If the city can't take dramatic steps to retain its lower-income and working-class residents, the city as we know it will cease to exist. A city of the rich is not only an appalling concept; it's simply unsustainable.
The private market alone can't solve San Francisco's housing crisis. Vote yes on B.
Ban city employees from commissions
Proposition C would prohibit city employees from serving on boards and commissions. Sponsored by Sup. Jake McGoldrick, it seems to make logical sense why should a city department head, for example, sit on a policy panel that oversees city departments?
But the flaw in Prop. C is that it excludes all city employees, not just senior managers. We see no reason why, for example, a frontline city gardener or nurse should be barred from ever serving on a board or commission. We're opposing this now, but we urge the supervisors to come back with a new version that applies only to employees who are exempt from civil service that is, managers and political appointees.
Financing Pier 70 waterfront district
Pier 70 was once the launching pad for America's imperial ambitions in the Pacific, but it's sadly fallen into disrepair, like most Port of San Francisco property. The site's historic significance and potential for economic development (think Monterey's Cannery Row) have led port officials and all 11 members of the Board of Supervisors to put forward this proposal to prime the pump with a public infrastructure investment that would be paid back with interest.
The measure would authorize the Board of Supervisors to enter into long-term leases consistent with the forthcoming land use and fiscal plans for the site, and to front the money for development of roads and waterfront parks, refurbishing Union Iron Works, and other infrastructure work, all of which would be paid back through tax revenue generated by development of the dormant site. It's a good deal. Vote yes.
The recall is an important tool that dates back to the state's progressive era, but San Francisco's low signature threshold for removing an officeholder makes it subject to abuse. That's why the Guardian called for this reform ("Reform the Recall," 6/13/07) last year when downtown interests were funding simultaneous recall efforts (promoted by single-issue interest groups) against three progressive supervisors: Jake McGoldrick, Aaron Peskin, and Chris Daly. The efforts weren't successful, but they diverted time and energy away from the important work of running the city.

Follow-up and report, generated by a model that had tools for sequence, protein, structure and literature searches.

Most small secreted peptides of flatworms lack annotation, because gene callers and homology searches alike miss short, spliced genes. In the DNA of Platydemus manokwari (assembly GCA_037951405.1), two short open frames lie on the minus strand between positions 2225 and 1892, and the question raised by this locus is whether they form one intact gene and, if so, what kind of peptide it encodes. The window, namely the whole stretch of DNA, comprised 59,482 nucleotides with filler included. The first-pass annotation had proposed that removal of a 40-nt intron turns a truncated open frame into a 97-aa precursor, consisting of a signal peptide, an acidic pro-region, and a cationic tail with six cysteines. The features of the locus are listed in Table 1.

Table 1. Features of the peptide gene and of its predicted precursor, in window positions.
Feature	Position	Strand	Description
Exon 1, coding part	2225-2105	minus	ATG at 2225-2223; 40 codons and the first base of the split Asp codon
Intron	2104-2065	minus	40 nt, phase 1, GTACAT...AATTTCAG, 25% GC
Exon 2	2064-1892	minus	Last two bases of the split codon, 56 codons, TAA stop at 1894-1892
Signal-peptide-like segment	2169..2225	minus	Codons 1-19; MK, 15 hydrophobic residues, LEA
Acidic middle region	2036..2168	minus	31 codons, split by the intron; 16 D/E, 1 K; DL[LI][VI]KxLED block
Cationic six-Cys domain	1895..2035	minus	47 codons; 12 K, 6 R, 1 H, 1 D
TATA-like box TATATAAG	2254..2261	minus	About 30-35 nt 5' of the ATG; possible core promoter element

This measure would bring the City Charter into conformity with state law, raising the signature threshold from 10 percent of registered voters to 20 percent in most supervisorial districts, and leaving it at 10 percent for citywide office. The sliding-scale state standard is what most California counties use, offering citizens a way to remove unaccountable representatives without letting a fringe-group recall be used as an extortive threat against elected officials who make difficult decisions that don't please everyone.
Mayoral election in even-numbered years
This one's a close call, and there are good arguments on both sides. Sponsored by Sup. Jake McGoldrick, Proposition F would move mayoral elections to the same year as presidential elections. The pros: Increased turnout, which tends to favor progressive candidates, and some savings to the city from the elimination of an off-year election. The cons: The mayor's race might be eclipsed by the presidential campaigns. In a city where the major daily paper and TV stations have a hard time covering local elections in the best of times, the public could miss out on any real scrutiny of mayoral candidates.
Here's what convinced us: San Francisco hasn't elected a true progressive mayor in decades.